What Next?

Starting out

If you have read all the information provided on the website (including one or two "case studies"), you should be well on the way to understanding what is involved. If you want to assess the system's immediate potential on your farm, the first step is to draw up an inventory of the machinery that you would plan to use.

This involves, as outlined in the case studies, measuring the width of your different machines and the wheel track gauges of the wheeled equipment (see separate section below). This will give you an idea of the compatibility of the different elements of the system and identify what modifications, if any, would be necessary or worth considering.

Alternatively contact us and we will arrange a response to your enquiry. In addition, we can put you in touch with practising CTF growers or farmers.

How is CTF introduced?

CTF can be introduced at any pace and in any manner according to the user's preference. Initially it requires a change in attitude towards the farming operation, and this in turn allows opportunities to be explored. In simple terms, the idea is to create a machinery system with a common wheel track or gauge where the wheels or tracks always run in the same places in the field. This is like permanently siting all your tramlines but with the difference that CTF applies to all operations from crop to crop and from season to season.

Things to consider at the start

The challenges can be divided into three principal areas:

  1. Designing the machinery system around existing mechanisation
  2. Introducing and maintaining the soil-based wheelways, particularly in areas of high rainfall
  3. If mouldboard ploughing is the principal annual cultivation, the challenge is in making the switch to a non-inversion or zero tillage system.

Designing the Machinery System

This is largely a case by case assessment and design. There are however some guiding principles which will form the basis of an initial feasibility study. In general, the wheel track gauge selected will be based on the machine with the widest non-adjustable track gauge. Within a cereals rotation, this is generally the combine harvester.

The width of the cutting table may also form the basis of the module width of implements, because the aim will be to match all the working widths of the equipment. However, it is possible to have a module width less than the width of the cutting table, for example a 9m cutting table could operate with an 8m base module of cultivators and drill for example.

This is not ideal and in the long term the machinery replacement plan would aim to match or have everything on a multiple of the base module width.

Get to know your own and any proposed new machines

You may think you know all there is to know about your own machines, but when you are planning for CTF, you need to know their intimate details - you will of course be working to centimetres, so centimetres really matter. We have made a number of forms available to Members to make this information gathering exercise much easier. It will also be something you need to fill in for any new machines you are proposing to buy and the forms will help you ask the right questions. Members can access the forms from our Forms and Calculators page.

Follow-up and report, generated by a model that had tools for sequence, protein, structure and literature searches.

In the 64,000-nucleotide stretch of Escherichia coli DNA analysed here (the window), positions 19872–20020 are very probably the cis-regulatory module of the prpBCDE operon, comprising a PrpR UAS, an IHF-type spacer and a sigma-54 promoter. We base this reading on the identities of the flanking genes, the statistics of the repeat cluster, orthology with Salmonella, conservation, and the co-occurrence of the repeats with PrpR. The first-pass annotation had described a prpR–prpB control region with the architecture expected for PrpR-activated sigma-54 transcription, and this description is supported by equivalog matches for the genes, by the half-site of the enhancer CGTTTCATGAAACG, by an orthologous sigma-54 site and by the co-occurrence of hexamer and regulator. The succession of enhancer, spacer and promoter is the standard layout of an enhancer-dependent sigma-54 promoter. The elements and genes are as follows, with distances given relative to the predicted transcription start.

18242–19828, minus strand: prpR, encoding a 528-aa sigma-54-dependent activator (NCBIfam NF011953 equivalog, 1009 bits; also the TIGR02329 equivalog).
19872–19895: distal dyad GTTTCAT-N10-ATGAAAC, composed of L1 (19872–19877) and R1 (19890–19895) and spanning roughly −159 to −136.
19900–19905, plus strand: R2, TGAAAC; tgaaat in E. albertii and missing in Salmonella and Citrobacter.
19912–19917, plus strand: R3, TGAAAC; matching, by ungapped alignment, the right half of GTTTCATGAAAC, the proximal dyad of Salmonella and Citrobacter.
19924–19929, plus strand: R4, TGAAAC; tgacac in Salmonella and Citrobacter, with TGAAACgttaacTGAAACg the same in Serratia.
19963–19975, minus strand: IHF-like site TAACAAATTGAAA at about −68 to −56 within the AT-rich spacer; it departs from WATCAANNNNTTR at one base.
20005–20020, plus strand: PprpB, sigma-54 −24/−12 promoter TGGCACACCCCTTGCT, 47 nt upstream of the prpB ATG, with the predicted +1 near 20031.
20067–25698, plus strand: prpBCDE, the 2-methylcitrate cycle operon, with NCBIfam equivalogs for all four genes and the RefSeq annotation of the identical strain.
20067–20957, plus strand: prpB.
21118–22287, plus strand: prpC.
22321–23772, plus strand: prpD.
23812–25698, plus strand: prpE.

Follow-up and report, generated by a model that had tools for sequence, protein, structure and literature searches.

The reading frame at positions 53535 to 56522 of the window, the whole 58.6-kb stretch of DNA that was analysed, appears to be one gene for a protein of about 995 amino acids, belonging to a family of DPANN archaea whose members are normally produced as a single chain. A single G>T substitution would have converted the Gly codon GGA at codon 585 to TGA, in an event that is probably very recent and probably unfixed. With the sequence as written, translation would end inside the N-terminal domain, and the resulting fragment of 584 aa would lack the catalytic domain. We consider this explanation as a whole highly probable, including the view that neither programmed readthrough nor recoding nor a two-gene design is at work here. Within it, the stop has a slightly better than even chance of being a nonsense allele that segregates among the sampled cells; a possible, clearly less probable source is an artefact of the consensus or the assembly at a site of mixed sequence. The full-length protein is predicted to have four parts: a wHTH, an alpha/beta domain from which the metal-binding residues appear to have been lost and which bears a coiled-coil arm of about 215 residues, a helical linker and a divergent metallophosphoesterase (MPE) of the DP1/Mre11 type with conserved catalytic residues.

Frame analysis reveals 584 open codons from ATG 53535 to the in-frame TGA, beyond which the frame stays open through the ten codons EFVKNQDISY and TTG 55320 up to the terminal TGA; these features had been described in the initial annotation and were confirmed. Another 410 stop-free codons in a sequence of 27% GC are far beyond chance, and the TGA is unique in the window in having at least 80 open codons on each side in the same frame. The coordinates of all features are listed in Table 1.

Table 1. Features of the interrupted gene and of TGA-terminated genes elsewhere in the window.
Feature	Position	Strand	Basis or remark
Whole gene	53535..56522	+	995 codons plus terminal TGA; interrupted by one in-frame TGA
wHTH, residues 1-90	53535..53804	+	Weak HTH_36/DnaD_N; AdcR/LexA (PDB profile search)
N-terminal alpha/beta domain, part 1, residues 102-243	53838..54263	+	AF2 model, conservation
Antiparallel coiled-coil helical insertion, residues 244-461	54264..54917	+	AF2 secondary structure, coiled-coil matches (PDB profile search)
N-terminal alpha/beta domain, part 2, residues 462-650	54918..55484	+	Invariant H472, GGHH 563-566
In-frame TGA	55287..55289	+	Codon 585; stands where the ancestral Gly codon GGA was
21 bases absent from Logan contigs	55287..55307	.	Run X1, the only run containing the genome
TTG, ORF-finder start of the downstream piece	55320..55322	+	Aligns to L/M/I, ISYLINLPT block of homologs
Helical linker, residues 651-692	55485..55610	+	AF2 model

Introducing and maintaining the soil-based wheelways

A great deal of practical experience has been gained in Australia on permanent wheelways, but in their climate the soil conditions are predominantly dry, but with periods when it can get very wet. In other parts of the world, and especially in temperate regions, soil conditions may be predominantly wet, but with periods when they are very dry.

We therefore have fundamentally different starting conditions depending upon local climate.

Making the transition from ploughing to non-inversion or zero tillage

Crucial to the success and sustainability of CTF is its ability to deal with residues, diseases and weeds when ploughing is absent. To a large extent crop residues are only a problem if they are unevenly spread and/or if the following implements are unable to deal with them. They are rarely a crop problem other than their interaction with some diseases.

The challenge must therefore be addressed initially by ensuring that whatever residues are left on the field are spread evenly, and if possible reduced to short lengths (less than 100 mm). This helps to ensure that they pass easily between the soil engaging parts of cultivation implements, which should themselves have as much clearance as possible between adjacent elements. An alternative is to use an implement which is less sensitive to residues, such as rolling cultivators, discs or widely staggered tines.

Remember though that the soil condition you are dealing with now is far more friable and less aggressive but more closely spaced elements may be needed. The ideal could be something like a spiked rotor that is braked slightly to give slip between the soil and spikes, but which allows surface residues to clear as it rotates. For sowing cereals, a similar principle might be adopted or even the same cultivator used with seed being delivered in front of the rotor.

Again, remember that if things have been done correctly, a friable and moist tilth should be available, giving this semi-broadcasting method a high chance of success. In many instances a single sowing pass may be all that is needed.